Everything is so joined up these days the notion that a large aircraft can simply disappear off the face of the Earth is one that many people have struggled to accept. In an age when communication and dissemination via the Internet is instantaneous and we are so interconnected that governments can be toppled by social media campaigns, it is a deep shock when a whole jetliner with more than 200 souls onboard vanishes and we do not immediately know why.
Most amazing of all none of the passengers even had time to make a phone call. Even doomed passengers in jets that crashed into the Twin Towers on 9-11 managed that. The truth is that there are plenty of spaces into which things (and people) can disappear, particularly in the global commons of the oceans. Even satellites orbiting the Earth in space, with their allegedly all-seeing eyes failed to instantly track MH370’s ill-fated flight. Also their images of supposed jetliner wreckage were by no means conclusive. Naval vessels, merchant carriers – and the people and aircraft on board them – had to go in and pick up the items once Maritime Patrol Aircraft (MPA) had found and marked them in real time.
Another episode that unfolded at around the same time as MH370 vanished involved an oil-laden ship being hijacked by gunmen and disappearing, but that episode had a swifter resolution than the jetliner. Found again off Cyprus, a US Navy SEALs team almost immediately boarded the North Korean-flagged Morning Glory and the hijackers were arrested.
Aside from the matter of oil theft a big fear is that one day – like the 9-11 jetliners – an oil or gas tanker could be used as a floating bomb, inflicting massive destruction on a port. Mix into that attack some form of chemical or radiological element and the port concerned could be out of action for many years.
With the global trade hub and spoke system based upon a small number of super-ports such an attack could have grave consequences for the world’s economy. Terrorists, pirates and trans-national criminals, are adept at using ungoverned space to vanish into, plus utilise it as a base to plan and launch their schemes from. Witness Afghanistan and Al-Qaeda prior to October 2001 and Somalia for pirates that still prey on merchant shipping in the Gulf of Aden and Indian Ocean.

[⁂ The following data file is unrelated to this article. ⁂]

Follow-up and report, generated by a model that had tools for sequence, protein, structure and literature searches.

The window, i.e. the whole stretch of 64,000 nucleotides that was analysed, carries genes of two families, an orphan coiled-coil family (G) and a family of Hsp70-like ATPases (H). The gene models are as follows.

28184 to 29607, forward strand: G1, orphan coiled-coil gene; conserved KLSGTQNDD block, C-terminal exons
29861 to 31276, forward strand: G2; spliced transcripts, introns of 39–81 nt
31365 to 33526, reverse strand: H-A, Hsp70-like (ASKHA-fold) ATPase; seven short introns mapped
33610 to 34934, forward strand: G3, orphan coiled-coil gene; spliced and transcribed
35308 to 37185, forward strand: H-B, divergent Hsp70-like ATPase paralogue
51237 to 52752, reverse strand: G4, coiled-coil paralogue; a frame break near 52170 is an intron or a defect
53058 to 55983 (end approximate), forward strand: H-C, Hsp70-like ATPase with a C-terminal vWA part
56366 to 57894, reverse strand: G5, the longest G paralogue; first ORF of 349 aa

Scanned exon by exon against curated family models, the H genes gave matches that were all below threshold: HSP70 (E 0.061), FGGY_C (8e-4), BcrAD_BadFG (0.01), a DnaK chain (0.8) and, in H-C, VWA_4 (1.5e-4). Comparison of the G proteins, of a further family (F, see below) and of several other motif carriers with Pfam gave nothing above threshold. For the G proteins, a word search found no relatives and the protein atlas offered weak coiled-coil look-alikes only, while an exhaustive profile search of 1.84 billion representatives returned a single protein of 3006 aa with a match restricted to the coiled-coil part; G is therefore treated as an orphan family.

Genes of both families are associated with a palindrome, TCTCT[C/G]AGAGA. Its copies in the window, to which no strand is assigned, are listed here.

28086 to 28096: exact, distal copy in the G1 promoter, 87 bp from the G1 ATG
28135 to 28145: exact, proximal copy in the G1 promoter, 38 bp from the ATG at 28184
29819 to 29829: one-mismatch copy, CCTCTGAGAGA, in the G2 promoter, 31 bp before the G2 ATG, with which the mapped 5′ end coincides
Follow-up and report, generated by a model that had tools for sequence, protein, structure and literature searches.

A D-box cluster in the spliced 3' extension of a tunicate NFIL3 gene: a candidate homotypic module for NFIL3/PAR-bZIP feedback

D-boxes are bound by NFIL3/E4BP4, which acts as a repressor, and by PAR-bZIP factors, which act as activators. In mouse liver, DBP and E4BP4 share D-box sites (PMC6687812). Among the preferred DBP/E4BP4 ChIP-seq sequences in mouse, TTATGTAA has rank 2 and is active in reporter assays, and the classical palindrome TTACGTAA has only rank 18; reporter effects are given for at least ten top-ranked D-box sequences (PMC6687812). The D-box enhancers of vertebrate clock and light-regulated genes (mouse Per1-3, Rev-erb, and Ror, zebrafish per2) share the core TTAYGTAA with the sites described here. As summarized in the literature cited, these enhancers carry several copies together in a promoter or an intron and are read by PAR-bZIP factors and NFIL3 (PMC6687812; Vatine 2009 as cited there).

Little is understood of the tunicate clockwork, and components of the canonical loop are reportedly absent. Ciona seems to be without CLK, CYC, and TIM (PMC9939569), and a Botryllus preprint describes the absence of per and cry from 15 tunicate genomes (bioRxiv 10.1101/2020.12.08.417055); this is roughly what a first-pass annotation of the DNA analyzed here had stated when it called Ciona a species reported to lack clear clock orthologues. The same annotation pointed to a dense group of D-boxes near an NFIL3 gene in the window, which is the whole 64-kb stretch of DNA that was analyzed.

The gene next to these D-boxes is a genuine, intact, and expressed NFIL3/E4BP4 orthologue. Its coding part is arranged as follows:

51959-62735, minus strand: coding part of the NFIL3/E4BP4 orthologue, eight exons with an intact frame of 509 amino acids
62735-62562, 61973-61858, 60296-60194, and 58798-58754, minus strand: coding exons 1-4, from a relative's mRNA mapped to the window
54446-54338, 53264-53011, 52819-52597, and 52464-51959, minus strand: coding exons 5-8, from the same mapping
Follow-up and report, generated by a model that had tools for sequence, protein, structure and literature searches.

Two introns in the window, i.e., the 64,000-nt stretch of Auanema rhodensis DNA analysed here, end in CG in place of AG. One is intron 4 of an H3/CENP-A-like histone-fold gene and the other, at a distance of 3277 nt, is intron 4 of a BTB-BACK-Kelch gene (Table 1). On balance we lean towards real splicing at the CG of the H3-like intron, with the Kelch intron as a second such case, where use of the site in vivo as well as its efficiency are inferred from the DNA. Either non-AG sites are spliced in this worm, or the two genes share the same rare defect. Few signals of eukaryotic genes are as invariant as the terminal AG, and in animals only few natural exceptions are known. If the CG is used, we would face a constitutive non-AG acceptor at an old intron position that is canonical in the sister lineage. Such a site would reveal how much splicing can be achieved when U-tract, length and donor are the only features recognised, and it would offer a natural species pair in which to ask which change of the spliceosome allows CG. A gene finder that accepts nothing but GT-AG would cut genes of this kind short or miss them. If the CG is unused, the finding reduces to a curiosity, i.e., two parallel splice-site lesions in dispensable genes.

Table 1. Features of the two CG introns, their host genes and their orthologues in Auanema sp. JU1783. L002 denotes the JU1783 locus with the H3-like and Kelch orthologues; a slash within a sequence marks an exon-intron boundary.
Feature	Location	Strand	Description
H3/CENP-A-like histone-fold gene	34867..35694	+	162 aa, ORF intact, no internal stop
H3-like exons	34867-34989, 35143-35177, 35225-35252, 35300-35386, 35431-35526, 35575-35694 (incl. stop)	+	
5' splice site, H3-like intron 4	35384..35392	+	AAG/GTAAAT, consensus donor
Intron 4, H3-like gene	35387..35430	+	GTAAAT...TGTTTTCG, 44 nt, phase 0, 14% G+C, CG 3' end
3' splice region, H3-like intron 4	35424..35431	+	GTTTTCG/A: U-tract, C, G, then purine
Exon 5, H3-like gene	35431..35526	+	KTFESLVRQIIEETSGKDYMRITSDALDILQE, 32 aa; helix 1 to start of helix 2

The disappearance of flight MH370 and the tanker Morning Glory provided a huge reminder that there are many areas of the world where there is no governance, or where, due to the vastness of the ocean or land mass, it can be hard to know what is going on. Out in the Southern Indian Ocean radar cover simply does not exist (and even closer to centres of population there can be lack of cooperation and gaps in radar coverage). The satellite systems used to keep track of aircraft and ships are by no means perfect and often provide an incomplete picture.
At sea the perennial problem has always been how to find vessels that do not wish to be tracked. Those whose weight is above 300 tonnes are supposed to carry the Automatic Identification System (AIS) that allows shore-based radar systems to remotely interrogate them and determine parameters such as location, course, speed, cargo and destination. But, again, coverage is limited.
As with airliners there are large areas of the ocean where vessels can to all intents and purposes disappear. The problem with systems that are employed in the air and at sea at the moment is that they can be disabled. Anyone who wants to hide can, provided they have access to the relevant control panel. When someone wants to become a rogue operator, threatening a terror attack or criminal act, it is not impossible to achieve. Tackling that problem, to ensure that no airliner or ship can go missing again is a technological challenge that needs to be addressed as a matter of urgency. This applies to cases where aircraft and ships suffer a dreadful accident and also where person, or persons, unknown, deliberately causes the event.
In the meantime vigilance is required, in the air and at sea, plus also on land. The interception of the Morning Glory was a multinational enterprise: Libyan naval and security forces failed in the first instance to stop the vessel departing their waters, but it was the Cypriot authorities that found the elusive ship.
Then President Obama gave the green light to US Navy SEALs to execute the takedown. In the case of MH370, a large fleet of naval vessels, plus maritime air assets from nearly 30 nations was mobilised, a real-life version of International Rescue.
A global multinational apparatus that acts quickly and efficiently in response to such incidents is needed on stand-by at all times – and it can either rescue people or apprehend bad guys. The disappearance of the jetliner and temporary vanishing act of an oil tanker showed us that we do not know what is going on all the time and shocking mysteries can still occur. It reveals how much of a mirage our interconnected world can be. It is in reality host to many ungoverned spaces.
Navies, with their vessels deployed across the globe, their maritime aircraft continuously on patrol, are ideally suited to make that operational pivot from Search and Rescue (SAR) to combating terrorists or criminals.
A US Navy P-3C Orion patrol aircraft departs from Kadena Air Base in Okinawa, Japan to aid in the search efforts for missing Malaysia Airlines flight MH370. Photo: US Navy.
A sailor on the bridge of the Australian naval support vessel HMAS Success during the search for jetliner debris. Photo: ABIS Julianne Cropley/RAN.
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